Column: Six secrets to injury-free snow shoveling


Commentary by Tiffany Thacker


Shoveling snow is a wintertime activity that can quickly result in back injuries and pain. Without proper technique, bending, lifting and scooping heavy snow can cause stress on the spine and supporting muscles and may result in injury. Preventing back injuries is much easier than treating back pain. The following tips can help dig out without throwing your back out.

The equipment you use can help minimize injury. Choose a shovel with a good ergonomic design. A shovel with a contoured handle can minimize bending and stooping. Instead of lifting the snow, consider pushing the snow with the shovel.

The right footwear can make or break you. Having a boot or shoe with good tread is important to prevent slipping.

Warm up for shoveling. Do some gentle stretches to loosen your muscles. Dress warmly because cold, tight muscles are more prone to muscle strain and injury.

Minimize slippery conditions by throwing sand, rock salt or kitty litter on areas where you are working. This will decrease the risk of falls.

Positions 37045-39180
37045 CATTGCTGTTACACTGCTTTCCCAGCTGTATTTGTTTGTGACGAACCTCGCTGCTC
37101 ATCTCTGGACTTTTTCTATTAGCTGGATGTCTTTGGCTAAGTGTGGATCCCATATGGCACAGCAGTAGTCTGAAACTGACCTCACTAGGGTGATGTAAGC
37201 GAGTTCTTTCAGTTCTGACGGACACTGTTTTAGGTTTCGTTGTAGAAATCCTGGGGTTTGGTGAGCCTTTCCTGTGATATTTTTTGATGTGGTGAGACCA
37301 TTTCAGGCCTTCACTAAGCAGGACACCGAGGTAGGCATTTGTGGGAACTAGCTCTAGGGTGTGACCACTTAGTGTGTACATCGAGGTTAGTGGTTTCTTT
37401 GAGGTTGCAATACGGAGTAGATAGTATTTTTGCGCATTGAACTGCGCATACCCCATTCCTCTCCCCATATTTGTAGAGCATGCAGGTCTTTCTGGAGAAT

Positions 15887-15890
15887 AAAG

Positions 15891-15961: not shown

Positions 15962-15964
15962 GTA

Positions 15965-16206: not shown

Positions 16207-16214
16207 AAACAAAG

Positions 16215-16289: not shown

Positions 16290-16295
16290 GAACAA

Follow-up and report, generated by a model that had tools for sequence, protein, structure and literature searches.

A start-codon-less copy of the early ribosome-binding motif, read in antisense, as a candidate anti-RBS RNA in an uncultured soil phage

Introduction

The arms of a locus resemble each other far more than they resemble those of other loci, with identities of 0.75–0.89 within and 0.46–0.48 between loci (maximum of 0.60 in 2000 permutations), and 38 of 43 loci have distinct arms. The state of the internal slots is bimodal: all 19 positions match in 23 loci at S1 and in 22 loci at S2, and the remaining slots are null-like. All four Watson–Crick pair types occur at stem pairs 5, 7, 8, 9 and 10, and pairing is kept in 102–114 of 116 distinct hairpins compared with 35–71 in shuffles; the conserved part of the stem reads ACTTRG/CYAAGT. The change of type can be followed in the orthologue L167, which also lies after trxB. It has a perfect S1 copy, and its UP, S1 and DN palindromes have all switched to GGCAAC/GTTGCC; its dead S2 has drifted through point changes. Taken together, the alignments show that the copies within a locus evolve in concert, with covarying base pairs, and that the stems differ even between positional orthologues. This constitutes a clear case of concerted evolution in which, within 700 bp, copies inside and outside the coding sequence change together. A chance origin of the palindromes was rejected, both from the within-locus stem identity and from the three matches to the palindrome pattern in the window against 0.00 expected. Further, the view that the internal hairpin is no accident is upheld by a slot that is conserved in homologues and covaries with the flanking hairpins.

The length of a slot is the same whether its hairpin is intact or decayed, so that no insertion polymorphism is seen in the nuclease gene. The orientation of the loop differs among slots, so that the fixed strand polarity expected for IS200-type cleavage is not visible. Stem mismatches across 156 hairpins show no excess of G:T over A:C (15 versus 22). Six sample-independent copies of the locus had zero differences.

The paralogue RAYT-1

Pace yourself and take frequent breaks.  Spread out your shoveling over a longer period of time, removing small amounts of snow frequently. When snow is deep, remove only a few inches of depth at a time.

Use good body mechanics. Always face the direction you are shoveling. Keep hands about 12 inches apart. Push the snow whenever possible. If you have to lift, bend at the hips and push your chest out; then to lift the load, bending at your knees and lifting with your leg muscles while keeping your back straight.

Back injuries and back pain are very common. Approximately 80 percent of Americans seeking treatment for it at some point during their lifetimes. If you find yourself experiencing back pain, call the Spine Center at IU Health North for an evaluation: 317.688.BACK (2225).